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Old 09-06-2014, 05:21 AM   #35
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Great article taxy! It's a verbal smack up-side the head to the author of the Slate article.

I loved my Mother! I subscribed right about the time they first started publishing it and got it for years. Saved every issue and still had them in boxes in the "attic" space, accessible via pull-down steps in the garage. I ended up letting them go when we moved from OH to MA. I still remember much of what I learned from them, it was interesting whether I've been able to apply that knowledge or not.
I had a complete set of TMEN including the first one with the newsprint cover. I finally gave them to an aspiring young back to the lander. I didn't really need them I more or less memorized them.
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Old 09-06-2014, 10:57 AM   #36
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We live in a time where people don't have to learn to cook, as long as you can run a microwave you can put something other than fast food on the table.

We also live in a time where we are surrounded by images and marketing showing how cooking for your family SHOULD be done, which leaves many parents feeling inferior (this isn't exactly new).

What is the right thing to feed your family? Is the low carb fad the right thing? Is the gluten free fad the right thing, should I be feeding my family a paleo diet? Am I a failure if I pick the wrong fad diet?

All of this coupled with more households having both parents working and kids being involved in EVERYTHING, it's no wonder that parents take the easy route. Heck I only have to feed Rob and some nights after working 8-9 hours and going to the gym, the though of making food and cleaning up doesn't sound appealing at all. Throw in kids and I'd want to run for the hills!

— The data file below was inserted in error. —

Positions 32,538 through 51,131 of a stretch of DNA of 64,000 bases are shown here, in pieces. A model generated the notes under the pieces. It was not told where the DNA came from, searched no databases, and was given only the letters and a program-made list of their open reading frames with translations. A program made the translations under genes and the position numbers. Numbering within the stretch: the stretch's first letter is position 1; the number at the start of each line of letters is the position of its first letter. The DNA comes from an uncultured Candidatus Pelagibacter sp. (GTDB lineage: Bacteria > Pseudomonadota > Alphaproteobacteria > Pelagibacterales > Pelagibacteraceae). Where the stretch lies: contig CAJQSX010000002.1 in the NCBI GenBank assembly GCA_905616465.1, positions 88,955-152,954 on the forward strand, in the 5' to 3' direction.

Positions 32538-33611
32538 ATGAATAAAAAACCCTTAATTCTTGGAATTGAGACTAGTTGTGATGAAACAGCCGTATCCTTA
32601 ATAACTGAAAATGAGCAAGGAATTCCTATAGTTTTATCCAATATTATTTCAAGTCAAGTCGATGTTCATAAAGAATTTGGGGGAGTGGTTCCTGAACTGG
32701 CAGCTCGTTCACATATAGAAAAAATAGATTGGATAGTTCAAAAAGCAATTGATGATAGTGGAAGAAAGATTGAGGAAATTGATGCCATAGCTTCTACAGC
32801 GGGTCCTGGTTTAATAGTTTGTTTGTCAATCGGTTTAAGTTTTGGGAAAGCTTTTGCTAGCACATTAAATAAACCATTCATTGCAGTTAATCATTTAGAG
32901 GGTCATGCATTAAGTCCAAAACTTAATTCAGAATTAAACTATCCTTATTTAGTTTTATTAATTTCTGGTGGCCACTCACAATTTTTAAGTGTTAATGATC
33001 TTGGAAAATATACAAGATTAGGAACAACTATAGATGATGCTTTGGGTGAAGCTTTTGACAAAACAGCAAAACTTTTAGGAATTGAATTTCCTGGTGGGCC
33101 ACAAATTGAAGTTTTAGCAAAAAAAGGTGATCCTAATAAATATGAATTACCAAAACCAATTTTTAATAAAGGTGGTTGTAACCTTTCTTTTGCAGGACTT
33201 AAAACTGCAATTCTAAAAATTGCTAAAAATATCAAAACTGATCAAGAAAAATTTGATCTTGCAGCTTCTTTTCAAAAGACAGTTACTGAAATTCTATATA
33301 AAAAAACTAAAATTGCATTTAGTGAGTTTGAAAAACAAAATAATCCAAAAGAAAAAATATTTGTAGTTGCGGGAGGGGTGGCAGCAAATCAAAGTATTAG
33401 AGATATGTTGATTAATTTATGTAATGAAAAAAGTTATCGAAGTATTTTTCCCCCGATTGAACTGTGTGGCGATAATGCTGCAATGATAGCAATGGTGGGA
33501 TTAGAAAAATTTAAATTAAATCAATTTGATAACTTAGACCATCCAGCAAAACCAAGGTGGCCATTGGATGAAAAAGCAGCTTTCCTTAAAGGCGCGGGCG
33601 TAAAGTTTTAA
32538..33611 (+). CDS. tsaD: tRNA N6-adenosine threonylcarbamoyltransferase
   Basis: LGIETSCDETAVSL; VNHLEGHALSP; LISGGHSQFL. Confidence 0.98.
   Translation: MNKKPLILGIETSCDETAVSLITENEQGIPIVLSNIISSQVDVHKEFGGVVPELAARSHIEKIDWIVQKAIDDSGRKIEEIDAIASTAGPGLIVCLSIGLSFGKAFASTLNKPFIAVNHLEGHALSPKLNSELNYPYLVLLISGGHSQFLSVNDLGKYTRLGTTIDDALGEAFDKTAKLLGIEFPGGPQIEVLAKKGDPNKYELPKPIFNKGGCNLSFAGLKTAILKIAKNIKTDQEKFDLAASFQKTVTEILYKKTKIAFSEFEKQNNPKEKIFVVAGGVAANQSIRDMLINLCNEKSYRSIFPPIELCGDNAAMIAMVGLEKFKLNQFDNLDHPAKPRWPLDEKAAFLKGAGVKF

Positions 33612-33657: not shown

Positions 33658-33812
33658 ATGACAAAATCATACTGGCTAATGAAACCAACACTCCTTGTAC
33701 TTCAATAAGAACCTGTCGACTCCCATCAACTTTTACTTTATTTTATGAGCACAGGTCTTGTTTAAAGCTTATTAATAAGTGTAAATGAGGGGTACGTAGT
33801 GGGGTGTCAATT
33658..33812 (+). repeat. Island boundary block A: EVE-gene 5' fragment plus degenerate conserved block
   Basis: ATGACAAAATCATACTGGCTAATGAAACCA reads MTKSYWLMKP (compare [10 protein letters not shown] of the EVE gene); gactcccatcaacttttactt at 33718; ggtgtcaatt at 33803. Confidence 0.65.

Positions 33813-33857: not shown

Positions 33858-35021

I'm not making excuses for people, many handle dinner just fine. But when this is brought up on a board with people who have a passion for cooking and are very willing to make time for it, you'll not really get a realistic perspective.
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Old 09-06-2014, 11:24 AM   #37
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I figure you should be able to feed your family at least as well as you are able to feed yourself. It may mean a gourmet meal every night in some homes and Kraft macaroni and cheese or a hot dog in others.

I agree some nights the last thing any of us wants to do is cook. Most folks have one or two items that they can pull together on those nights. The old standby grilled cheese with a bowl or tomato soup, a BLT, scrambled eggs etc...

I was lucky, I grew up in a home with great food. I have some friends who grew up in homes where the best meal was fish sticks, corn and applesauce. Those friends have just as many good memories as I do, they just crave different things than I do!

To me the important thing is to get together around the table and share a common experience.
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Old 09-06-2014, 11:30 AM   #38
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Good points BC.
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Old 09-06-2014, 11:46 AM   #39
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Originally Posted by bakechef View Post